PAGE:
The Unbearable Lightness of Saint Petersburg

The St. Petersburg Times
February 2, 2011
Governor Tries to Remove City’s Historic Status
By Sergey Chernov, Staff Writer

Actor Oleg Basilashvili and author Boris Strugatsky were among artists, teachers and rights activists who wrote an open letter to Prime Minister Vladimir Putin on Tuesday asking him to deny City Governor Valentina Matviyenko’s request to exclude St. Petersburg from the Register of Historic Settlements.

“Recent years have demonstrated convincingly that the city authorities are not capable and, more importantly, do not want to protect the historic center of St. Petersburg,” they wrote in the letter.

“The ‘planning mistakes’ that appear one after another, distorting the unique appearance of our city, are a direct consequence of the permits and authorizations issued by the city authorities.”

The letter cites the new Stockmann building erected in place of two historic buildings demolished to make way for the Finnish department store, which has altered the view of the portion of Nevsky Prospekt close to Ploshchad Vosstaniya, and the 19th-century Literary House on the corner of Nevsky Prospekt and the Fontanka River that is being demolished right now, as the most recent examples.

Matviyenko’s letter to Putin, in which she asked him to strip St. Petersburg of its historic status, was leaked to the press last week. According to an article published by Kommersant on Thursday, City Hall deemed the city’s protected status as a historical settlement to be “excessive,” hindering investment projects and construction activities.

St. Petersburg was included in the Register of Historic Settlements in July, along with 40 other Russian cities. The status implies stricter control over valuable historical objects and demands that the local authorities authorize construction plans and regulations with Rosokhrankultura, the Ministry of Culture’s heritage watchdog.

“Considering that neither Pskov, Novgorod or Moscow have been included on the register, I am asking you to consider excluding St. Petersburg from the said register,” wrote Matviyenko to Putin, according to Kommersant.

Since taking office in 2003, Matviyenko has been accused of overseeing the gradual destruction of St. Petersburg’s cultural heritage. According to preservationist organization Living City, more than 100 historic buildings, including six on Nevsky Prospekt, have been demolished during her tenure.

Late last year, Matviyenko made moves toward preservationist activists, inviting them to take part in a discussion — an initiative that appears to have reached a deadlock over the scandal caused by the demolition of the Literary House at 68 Nevsky begun on Jan. 7.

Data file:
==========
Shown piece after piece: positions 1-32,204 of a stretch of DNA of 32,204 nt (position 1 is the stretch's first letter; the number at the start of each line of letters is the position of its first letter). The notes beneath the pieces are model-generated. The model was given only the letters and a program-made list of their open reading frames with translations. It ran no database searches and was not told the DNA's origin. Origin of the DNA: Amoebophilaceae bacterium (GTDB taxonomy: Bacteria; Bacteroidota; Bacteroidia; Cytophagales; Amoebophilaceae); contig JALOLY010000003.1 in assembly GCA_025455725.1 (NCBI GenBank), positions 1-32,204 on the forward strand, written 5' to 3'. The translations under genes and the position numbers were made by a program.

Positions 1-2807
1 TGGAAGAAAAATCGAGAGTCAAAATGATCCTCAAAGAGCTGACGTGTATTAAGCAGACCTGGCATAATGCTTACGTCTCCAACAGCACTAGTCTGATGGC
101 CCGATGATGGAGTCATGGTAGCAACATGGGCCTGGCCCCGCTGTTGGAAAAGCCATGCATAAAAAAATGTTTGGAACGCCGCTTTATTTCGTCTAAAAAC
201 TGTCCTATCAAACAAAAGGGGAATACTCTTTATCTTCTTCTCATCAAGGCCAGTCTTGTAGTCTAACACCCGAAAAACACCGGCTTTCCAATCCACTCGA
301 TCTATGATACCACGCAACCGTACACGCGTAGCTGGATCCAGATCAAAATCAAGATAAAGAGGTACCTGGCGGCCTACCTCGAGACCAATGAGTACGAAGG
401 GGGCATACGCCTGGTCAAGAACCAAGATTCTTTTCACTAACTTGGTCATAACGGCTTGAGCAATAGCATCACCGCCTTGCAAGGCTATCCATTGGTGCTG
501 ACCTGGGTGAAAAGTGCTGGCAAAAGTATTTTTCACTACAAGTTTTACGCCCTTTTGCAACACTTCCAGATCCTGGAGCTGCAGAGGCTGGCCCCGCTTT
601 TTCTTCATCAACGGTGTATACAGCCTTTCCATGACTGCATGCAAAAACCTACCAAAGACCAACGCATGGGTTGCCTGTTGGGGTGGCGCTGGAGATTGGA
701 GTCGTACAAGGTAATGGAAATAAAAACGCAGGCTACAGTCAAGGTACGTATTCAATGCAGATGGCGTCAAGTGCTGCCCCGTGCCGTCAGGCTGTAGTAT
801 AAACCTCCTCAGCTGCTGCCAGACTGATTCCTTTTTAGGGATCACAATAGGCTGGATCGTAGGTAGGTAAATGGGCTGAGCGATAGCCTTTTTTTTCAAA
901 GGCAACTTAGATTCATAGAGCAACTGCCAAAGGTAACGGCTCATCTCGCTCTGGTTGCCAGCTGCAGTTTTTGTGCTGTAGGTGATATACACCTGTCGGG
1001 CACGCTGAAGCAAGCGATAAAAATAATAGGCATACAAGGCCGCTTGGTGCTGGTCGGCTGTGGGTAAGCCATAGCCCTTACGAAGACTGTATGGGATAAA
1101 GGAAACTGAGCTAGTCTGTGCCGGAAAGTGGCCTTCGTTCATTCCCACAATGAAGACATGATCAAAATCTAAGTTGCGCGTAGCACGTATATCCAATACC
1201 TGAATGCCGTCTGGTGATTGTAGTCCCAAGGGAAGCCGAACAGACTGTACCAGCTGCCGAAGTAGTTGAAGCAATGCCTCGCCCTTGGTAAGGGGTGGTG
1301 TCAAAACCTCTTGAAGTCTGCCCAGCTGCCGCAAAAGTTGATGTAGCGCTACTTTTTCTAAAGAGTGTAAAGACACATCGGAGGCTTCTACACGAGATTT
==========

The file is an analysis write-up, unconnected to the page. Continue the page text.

“I appreciate the activities of preservationist organizations; they are sincere in their care for the city, and I am open to dialogue,” Matviyenko was quoted as saying in November.

“Preservationists and the city authorities are interested in the same thing — in effective work to preserve historic heritage.” Matviyenko also offered the job of deputy chair of the [city’s] heritage protection committee to Living City coordinator Yulia Minutina, who works as a schoolteacher.

In late January, after film director Alexander Sokurov spearheaded an unsuccessful campaign to stop the demolition of the Literary House, City Hall’s stance seemed to change.

“Teachers should teach, doctors should treat patients, film directors should make movies; if people attempt to do a job for which they are not qualified, mess and madness ensue,” Deputy Governor Roman Filimonov was quoted as saying last week.

Meanwhile, the demolition of the Literary House continued Tuesday. “Maybe one third of the building remains, two thirds have already been demolished,” Living City’s Natalya Sivokhina said by phone Tuesday evening.

Activists of Living City and a newly formed group called Nevsky 68 continue to picket the building, collecting signatures for a petition to President Dmitry Medvedev.

Their demands include a halt to all the work, the future conservation of the site, punishment of the city officials responsible for the destruction of the historic building, the withdrawal of permits and the site from its current owner and a broad public discussion on the restoration of the building.

Photos by Sergey Chernov. See his entire photo reportage of the destruction of the Literary House here.

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Filed under protests, Russian society, urban movements (right to the city)